The double facemask pic is from my alma mater, Liberty HS in Clarksburg, WV. I don’t know who the player is but it couldn’t have been from 1971. The school didn’t open until 1972. Also, the school was never referred to locally as Liberty Harrison. The school is located in Harrison County but it would sometimes be referred to as Clarksburg Liberty because there is another Liberty HS in West Virginia.

  • Randy Clement | December 10, 2020 at 10:31 am |

    Enjoyed your write up on the Our Sports mags….the covers and pages were awesome to see!

  • Ed | December 10, 2020 at 10:46 am |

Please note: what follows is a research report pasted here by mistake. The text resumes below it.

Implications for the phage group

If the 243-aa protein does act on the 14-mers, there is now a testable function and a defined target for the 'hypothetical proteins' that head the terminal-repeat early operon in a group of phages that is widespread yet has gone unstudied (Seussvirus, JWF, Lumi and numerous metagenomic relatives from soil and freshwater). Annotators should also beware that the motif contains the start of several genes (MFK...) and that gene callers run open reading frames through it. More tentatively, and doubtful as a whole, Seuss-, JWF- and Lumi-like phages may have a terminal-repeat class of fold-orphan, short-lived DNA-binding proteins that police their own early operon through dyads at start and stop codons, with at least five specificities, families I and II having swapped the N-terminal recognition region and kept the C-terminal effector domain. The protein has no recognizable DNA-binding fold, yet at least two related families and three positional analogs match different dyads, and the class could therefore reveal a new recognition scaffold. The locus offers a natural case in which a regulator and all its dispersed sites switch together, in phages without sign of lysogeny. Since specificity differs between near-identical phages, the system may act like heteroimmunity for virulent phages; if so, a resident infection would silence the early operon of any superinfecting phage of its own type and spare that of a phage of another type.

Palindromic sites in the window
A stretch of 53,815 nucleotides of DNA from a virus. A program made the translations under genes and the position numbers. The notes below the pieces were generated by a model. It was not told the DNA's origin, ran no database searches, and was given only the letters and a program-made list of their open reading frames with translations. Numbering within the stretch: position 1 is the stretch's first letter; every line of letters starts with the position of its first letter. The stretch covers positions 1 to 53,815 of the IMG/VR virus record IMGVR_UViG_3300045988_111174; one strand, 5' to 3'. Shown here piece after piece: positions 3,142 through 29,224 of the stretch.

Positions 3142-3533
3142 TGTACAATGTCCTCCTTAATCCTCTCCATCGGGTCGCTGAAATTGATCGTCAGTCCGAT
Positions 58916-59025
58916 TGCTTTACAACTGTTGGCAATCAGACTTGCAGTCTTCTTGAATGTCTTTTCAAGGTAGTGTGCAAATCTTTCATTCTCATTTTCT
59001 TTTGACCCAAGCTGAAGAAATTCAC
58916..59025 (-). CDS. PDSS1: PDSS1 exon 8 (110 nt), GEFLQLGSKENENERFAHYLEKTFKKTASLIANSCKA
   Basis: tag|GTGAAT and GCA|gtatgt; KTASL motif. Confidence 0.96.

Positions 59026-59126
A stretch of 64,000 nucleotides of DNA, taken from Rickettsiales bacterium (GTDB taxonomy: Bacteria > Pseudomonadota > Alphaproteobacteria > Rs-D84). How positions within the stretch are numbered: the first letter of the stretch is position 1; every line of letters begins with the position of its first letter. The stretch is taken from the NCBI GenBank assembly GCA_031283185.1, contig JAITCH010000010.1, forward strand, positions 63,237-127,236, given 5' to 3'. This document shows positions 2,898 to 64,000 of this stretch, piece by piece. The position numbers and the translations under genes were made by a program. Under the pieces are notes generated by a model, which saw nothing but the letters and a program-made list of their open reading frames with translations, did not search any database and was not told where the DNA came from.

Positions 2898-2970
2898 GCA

Who else read the Grab Bag item as “deodorant PADS”?

    ed

  • Furmp | December 10, 2020 at 10:58 am |

    Re: counterfeit uniforms.

    They only found 200? There’s got to be thousands out there already, especially with the badly-done ones shown in the Cincinnati.com story.

    What’s even more cynical is that a lot of these “autographs” are sewn into the letters as if that somehow adds “value.”

  • Dave L | December 10, 2020 at 11:07 am |

    Big Joe Pernice fan. Nice pick-up.

  • gashouseILM | December 10, 2020 at 11:23 am |

    anachronistic nice word it even sounds better than is looks

  • StAugustine | December 10, 2020 at 11:34 am |

    Someone should tell UMass coach Walt Bell that your team has to score more than once every three games to be any colored collar.

  • Steve | December 10, 2020 at 12:05 pm |